(1) BUCKS TO PRESERVE BRADBURYANA. At BradburyMedia, Phil Nichols reports “Center for Bradbury Studies receives major grant”.
Congratulations to my friends and colleagues at the Center for Ray Bradbury Studies who were today awarded $50,000 from the National Endowment for the Humanities (NEH).
The grant is for the preservation of the Center’s extensive collection of Bradbury papers and memorabilia – materials which have been invaluable in my research, and will continue to be of interest to Bradbury scholars in the future. The project lead is Prof Jonathan R. Eller, author of Becoming Ray Bradbury and Ray Bradbury Unbound.
And Nichols was amused that the NEH press release mentioned Bradbury and Mae West in the same paragraph:
Additional awards will ensure the preservation of nearly 30,000 pounds of correspondence, manuscripts, photographs, and memorabilia from author Ray Bradbury, and support production of a documentary on the life and legacy of Mae West, one of the most powerful women of early Hollywood, whose writing and film roles served as a barometer ofrapidly changing social mores in 20th-century America.
(2) SIMPSONS RECAP. Martin Morse Wooster had his eye on The Simpsons last night:
Homer and Bart went to a “Tunnelcraft” convention, which was portrayed to be the most boring con ever. It took up most of a giant convention center, with a few number of dealers and quite a lot of walking. The high point for Bart was watching two Tunnelcraft players who were very popular on YouTube on a panel.playing each other. But they presented the panel as if it was just two random dudes playing video games.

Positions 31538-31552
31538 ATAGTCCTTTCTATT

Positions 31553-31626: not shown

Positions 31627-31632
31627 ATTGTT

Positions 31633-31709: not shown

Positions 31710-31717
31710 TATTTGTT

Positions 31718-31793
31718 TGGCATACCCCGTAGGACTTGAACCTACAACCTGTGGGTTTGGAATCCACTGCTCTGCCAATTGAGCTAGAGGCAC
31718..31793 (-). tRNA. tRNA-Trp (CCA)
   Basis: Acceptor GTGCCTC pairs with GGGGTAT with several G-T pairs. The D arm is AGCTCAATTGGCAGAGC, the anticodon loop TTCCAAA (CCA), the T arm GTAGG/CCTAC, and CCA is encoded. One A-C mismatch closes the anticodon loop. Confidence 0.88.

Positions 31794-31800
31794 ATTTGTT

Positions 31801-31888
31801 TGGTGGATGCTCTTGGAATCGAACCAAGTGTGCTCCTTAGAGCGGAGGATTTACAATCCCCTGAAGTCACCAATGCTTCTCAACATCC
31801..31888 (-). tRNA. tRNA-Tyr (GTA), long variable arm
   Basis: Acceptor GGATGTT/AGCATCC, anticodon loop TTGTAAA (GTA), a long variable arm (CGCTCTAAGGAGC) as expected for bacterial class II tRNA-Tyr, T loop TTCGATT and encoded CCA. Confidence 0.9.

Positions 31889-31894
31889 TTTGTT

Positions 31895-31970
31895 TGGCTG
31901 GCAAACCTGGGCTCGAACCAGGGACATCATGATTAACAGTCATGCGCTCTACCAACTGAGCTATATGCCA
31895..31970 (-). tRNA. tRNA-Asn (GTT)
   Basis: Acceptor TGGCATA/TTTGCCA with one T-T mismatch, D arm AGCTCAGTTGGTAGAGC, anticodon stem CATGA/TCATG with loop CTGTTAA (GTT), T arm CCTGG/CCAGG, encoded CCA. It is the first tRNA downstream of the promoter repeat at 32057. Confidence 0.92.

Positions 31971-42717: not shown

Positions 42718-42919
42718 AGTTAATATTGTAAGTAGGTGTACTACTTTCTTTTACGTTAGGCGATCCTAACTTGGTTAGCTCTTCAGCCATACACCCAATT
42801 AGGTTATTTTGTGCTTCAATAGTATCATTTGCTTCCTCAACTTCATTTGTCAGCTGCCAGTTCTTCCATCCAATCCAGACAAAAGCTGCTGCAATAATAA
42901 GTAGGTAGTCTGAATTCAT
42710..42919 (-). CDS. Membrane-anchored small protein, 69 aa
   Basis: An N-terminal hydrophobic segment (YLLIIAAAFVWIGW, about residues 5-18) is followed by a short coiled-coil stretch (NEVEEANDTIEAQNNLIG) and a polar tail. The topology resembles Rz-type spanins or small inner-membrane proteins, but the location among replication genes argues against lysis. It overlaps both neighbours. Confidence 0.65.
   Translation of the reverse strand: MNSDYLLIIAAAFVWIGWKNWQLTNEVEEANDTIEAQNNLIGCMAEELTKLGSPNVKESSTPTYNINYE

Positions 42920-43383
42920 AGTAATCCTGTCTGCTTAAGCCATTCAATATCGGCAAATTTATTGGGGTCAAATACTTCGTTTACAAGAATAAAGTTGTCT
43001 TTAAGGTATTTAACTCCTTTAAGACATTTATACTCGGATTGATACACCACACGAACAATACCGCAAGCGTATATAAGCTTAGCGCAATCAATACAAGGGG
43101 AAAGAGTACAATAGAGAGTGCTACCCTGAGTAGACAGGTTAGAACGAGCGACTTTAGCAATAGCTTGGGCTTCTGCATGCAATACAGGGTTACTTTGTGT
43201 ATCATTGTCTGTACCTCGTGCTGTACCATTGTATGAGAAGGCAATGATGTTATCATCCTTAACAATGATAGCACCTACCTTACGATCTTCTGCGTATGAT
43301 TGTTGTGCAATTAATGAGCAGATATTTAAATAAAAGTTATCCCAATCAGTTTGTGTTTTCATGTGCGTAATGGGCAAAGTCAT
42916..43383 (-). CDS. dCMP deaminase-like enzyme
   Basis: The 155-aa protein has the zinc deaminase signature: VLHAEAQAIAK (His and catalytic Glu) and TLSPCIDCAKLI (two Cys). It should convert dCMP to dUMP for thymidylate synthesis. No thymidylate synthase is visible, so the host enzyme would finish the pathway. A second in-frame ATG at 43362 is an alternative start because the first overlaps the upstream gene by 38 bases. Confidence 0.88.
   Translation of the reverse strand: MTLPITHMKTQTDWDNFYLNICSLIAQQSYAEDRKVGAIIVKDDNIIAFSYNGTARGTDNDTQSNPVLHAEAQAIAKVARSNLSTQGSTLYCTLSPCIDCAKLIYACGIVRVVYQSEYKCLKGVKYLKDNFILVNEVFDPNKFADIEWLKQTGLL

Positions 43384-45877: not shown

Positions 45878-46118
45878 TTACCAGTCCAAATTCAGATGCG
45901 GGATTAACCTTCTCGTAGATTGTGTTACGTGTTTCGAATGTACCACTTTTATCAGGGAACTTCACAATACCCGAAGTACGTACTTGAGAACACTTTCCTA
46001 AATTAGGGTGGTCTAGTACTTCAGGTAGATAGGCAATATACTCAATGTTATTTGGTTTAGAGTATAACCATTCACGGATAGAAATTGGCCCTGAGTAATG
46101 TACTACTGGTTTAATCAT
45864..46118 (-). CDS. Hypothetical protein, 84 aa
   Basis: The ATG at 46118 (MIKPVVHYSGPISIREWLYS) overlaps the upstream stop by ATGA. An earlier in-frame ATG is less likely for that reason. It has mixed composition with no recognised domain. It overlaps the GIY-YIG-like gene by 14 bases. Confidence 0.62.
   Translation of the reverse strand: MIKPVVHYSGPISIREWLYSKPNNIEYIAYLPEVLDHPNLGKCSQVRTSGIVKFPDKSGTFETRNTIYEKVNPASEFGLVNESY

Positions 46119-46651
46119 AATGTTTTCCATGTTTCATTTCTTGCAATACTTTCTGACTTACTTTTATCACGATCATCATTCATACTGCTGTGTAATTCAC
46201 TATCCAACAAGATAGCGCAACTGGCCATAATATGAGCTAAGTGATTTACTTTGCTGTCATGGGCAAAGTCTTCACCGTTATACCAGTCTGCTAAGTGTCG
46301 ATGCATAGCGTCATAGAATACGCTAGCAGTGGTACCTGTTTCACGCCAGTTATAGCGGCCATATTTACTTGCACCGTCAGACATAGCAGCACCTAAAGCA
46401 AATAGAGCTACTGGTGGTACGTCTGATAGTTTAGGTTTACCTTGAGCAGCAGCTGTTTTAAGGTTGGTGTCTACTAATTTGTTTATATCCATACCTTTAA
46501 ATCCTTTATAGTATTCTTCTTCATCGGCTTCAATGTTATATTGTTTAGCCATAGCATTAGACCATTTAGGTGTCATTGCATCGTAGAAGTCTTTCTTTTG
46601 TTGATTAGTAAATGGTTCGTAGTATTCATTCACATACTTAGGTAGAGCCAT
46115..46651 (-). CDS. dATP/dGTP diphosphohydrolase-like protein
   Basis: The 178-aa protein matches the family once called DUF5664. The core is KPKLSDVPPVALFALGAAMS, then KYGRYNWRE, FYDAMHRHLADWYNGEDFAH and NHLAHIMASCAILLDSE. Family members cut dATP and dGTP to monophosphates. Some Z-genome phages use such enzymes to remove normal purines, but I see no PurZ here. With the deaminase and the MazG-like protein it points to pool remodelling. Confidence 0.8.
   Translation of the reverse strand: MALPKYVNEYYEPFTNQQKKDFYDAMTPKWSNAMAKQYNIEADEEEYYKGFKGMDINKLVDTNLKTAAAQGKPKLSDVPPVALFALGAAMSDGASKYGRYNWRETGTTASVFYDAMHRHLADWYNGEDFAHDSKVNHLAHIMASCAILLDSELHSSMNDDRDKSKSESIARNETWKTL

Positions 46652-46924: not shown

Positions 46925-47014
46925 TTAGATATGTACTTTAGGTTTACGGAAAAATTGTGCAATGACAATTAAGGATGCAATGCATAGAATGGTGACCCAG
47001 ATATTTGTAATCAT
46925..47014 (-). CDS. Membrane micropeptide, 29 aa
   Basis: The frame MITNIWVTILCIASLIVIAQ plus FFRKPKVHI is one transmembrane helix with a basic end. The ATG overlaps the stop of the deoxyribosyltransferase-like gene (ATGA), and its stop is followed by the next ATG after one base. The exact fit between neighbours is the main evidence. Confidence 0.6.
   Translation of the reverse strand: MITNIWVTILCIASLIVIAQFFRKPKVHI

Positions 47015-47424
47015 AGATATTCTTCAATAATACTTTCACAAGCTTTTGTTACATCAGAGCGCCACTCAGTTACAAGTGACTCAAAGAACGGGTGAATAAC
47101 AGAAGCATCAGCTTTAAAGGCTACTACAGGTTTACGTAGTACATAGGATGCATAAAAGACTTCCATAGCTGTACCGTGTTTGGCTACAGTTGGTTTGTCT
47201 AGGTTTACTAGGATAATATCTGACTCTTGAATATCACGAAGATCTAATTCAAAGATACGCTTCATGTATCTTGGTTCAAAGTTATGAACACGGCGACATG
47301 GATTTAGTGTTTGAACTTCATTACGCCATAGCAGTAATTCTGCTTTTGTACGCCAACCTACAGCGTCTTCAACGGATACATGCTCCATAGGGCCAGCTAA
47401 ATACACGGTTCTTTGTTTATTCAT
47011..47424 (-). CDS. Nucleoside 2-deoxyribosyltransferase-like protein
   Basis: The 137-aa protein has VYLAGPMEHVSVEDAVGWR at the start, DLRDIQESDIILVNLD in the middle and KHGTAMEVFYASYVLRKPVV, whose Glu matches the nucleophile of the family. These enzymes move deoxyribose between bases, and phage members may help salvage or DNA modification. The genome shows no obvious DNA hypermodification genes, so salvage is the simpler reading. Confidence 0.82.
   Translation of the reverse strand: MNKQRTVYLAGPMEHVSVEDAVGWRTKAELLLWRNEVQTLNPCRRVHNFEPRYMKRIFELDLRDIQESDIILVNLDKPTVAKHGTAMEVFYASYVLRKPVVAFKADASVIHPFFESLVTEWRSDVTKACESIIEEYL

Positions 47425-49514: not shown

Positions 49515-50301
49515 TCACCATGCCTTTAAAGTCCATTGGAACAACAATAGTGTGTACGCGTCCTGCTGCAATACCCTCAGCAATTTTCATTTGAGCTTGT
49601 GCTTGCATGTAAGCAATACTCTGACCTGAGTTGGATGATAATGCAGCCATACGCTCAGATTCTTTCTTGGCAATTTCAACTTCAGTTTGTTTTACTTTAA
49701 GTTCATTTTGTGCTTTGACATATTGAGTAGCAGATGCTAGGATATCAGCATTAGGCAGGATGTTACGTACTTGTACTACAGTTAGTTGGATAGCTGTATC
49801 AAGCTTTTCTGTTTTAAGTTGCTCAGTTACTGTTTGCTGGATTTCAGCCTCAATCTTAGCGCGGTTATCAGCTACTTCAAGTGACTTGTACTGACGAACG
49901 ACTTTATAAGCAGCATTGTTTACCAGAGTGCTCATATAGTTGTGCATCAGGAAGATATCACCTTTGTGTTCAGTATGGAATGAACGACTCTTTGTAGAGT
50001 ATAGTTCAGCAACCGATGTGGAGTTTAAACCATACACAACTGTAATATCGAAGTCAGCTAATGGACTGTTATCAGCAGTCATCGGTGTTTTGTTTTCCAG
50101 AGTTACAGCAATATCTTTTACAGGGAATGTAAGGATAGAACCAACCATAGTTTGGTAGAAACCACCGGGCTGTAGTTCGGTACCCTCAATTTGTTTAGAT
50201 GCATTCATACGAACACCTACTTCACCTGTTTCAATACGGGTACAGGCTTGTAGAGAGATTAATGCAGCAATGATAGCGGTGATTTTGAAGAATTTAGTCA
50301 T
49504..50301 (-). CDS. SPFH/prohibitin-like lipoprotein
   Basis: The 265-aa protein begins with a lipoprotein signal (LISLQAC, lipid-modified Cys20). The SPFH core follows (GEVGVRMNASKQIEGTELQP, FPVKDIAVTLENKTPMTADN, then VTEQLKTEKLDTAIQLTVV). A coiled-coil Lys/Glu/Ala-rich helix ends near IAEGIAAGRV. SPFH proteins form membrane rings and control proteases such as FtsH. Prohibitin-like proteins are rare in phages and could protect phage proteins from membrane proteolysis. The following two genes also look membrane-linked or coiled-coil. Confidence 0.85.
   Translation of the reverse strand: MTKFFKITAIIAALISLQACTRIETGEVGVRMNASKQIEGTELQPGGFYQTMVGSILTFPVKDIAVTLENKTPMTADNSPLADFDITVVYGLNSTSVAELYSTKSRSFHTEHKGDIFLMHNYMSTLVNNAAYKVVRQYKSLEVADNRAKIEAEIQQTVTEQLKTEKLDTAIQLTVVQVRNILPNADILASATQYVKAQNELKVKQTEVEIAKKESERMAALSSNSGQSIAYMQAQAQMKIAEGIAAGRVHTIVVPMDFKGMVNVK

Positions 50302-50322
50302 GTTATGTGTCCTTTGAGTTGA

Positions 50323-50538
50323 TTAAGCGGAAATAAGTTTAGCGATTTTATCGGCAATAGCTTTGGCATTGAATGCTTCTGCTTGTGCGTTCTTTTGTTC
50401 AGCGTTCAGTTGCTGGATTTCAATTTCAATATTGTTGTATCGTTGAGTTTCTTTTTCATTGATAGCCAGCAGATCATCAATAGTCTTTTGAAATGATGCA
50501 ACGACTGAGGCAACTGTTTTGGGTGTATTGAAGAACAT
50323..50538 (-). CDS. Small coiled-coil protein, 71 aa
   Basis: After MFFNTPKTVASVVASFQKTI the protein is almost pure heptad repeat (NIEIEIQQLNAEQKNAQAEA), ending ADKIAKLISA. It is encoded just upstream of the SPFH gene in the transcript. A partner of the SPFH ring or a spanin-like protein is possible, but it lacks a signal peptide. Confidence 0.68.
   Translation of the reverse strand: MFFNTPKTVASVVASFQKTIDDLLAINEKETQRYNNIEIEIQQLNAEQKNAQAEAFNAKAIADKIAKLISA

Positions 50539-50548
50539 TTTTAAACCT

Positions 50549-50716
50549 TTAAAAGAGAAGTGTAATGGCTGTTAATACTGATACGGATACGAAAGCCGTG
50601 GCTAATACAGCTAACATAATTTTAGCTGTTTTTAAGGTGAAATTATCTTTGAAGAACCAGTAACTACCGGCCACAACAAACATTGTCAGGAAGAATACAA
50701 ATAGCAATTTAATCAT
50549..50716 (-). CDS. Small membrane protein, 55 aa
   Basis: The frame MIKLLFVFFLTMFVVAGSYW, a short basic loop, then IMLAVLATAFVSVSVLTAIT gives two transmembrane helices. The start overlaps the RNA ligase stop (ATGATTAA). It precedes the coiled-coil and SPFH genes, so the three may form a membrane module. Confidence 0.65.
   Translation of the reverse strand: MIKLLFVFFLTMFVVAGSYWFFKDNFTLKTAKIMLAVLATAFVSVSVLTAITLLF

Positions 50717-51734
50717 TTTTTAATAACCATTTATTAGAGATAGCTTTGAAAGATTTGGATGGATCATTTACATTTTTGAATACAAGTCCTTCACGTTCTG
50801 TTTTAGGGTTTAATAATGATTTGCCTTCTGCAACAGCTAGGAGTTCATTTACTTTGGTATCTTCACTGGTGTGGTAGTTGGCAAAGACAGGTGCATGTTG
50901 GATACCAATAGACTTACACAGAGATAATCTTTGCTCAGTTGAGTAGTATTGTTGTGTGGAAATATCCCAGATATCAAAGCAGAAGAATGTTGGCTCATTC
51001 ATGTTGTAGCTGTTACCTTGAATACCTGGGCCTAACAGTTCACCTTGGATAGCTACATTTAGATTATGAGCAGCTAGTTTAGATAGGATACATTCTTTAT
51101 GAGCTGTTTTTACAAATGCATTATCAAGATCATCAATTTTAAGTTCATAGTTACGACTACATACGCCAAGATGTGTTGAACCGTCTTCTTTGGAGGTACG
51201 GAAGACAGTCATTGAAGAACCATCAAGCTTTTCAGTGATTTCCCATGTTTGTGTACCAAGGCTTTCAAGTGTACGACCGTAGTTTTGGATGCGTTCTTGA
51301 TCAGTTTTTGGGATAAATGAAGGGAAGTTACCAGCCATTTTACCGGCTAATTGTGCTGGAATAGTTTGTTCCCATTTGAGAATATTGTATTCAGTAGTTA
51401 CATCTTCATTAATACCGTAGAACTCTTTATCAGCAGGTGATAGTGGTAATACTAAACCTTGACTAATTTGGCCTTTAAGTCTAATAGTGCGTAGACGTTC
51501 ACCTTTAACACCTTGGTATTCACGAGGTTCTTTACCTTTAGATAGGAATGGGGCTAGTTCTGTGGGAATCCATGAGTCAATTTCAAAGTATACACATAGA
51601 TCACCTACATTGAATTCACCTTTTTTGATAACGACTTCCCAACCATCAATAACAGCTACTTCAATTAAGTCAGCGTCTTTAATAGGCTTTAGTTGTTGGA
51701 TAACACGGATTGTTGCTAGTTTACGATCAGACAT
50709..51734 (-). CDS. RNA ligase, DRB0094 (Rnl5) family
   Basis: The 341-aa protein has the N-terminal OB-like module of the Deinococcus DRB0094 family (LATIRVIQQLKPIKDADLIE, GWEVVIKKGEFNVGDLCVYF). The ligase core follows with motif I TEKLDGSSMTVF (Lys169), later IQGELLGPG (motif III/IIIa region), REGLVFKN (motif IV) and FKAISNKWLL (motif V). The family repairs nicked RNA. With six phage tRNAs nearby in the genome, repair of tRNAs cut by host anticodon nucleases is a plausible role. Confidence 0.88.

This was the first time I had heard “cosplay” used as a word on The Simpsons, and cosplayers in Tunnelcraft looked like the old-school rock’em sock’em robots. One of the cosplayers was Daniel Radcliffe, who said the only way he could go to a con was hiding under a robot head. He took off his robot head and was promptly mobbed by fans. Daniel Radlciffe played himself.
This excerpt is from another part of the episode.
(3) PKD’S REVELATION. In his podcast Imaginary Worlds, Eric Molinsky interviews Penn State professor Richard Doyle, Erik Davis, one of the editors of the “Exegesis,” and Victoria Stewart, who wrote the play 800 Words: The Transformation of Philip K. Dick in order to find out why Dick was obsessed with the mystical experience that happened to him in 1974 and why his work resonates with us today
(4) 1963 SFF. Galactic Journey reviews the latest IF: “[April 9, 1963] IFfy… (May 1963 IF Science Fiction)”
Every month, science fiction stories come out in little digest-sized magazines. It used to be that this was pretty much the only way one got their SF fix, and in the early ’50s, there were some forty magazines jostling for newsstand space. Nowadays, SF is increasingly sold in book form, and the numbers of the digests have been much reduced. This is, in many ways, for the good. There just wasn’t enough quality to fill over three dozen monthly publications.
That said, though there are now fewer than ten regular SF mags, editors still can find it challenging to fill them all with the good stuff. Editor Fred Pohl, who helms three magazines, has this problem in a big way. He saves the exceptional stories and known authors (and the high per word rates) for his flagship digest, Galaxy, and also for his newest endeavor, Worlds of Tomorrow. That leaves IF the straggler, filled with new authors and experimental works.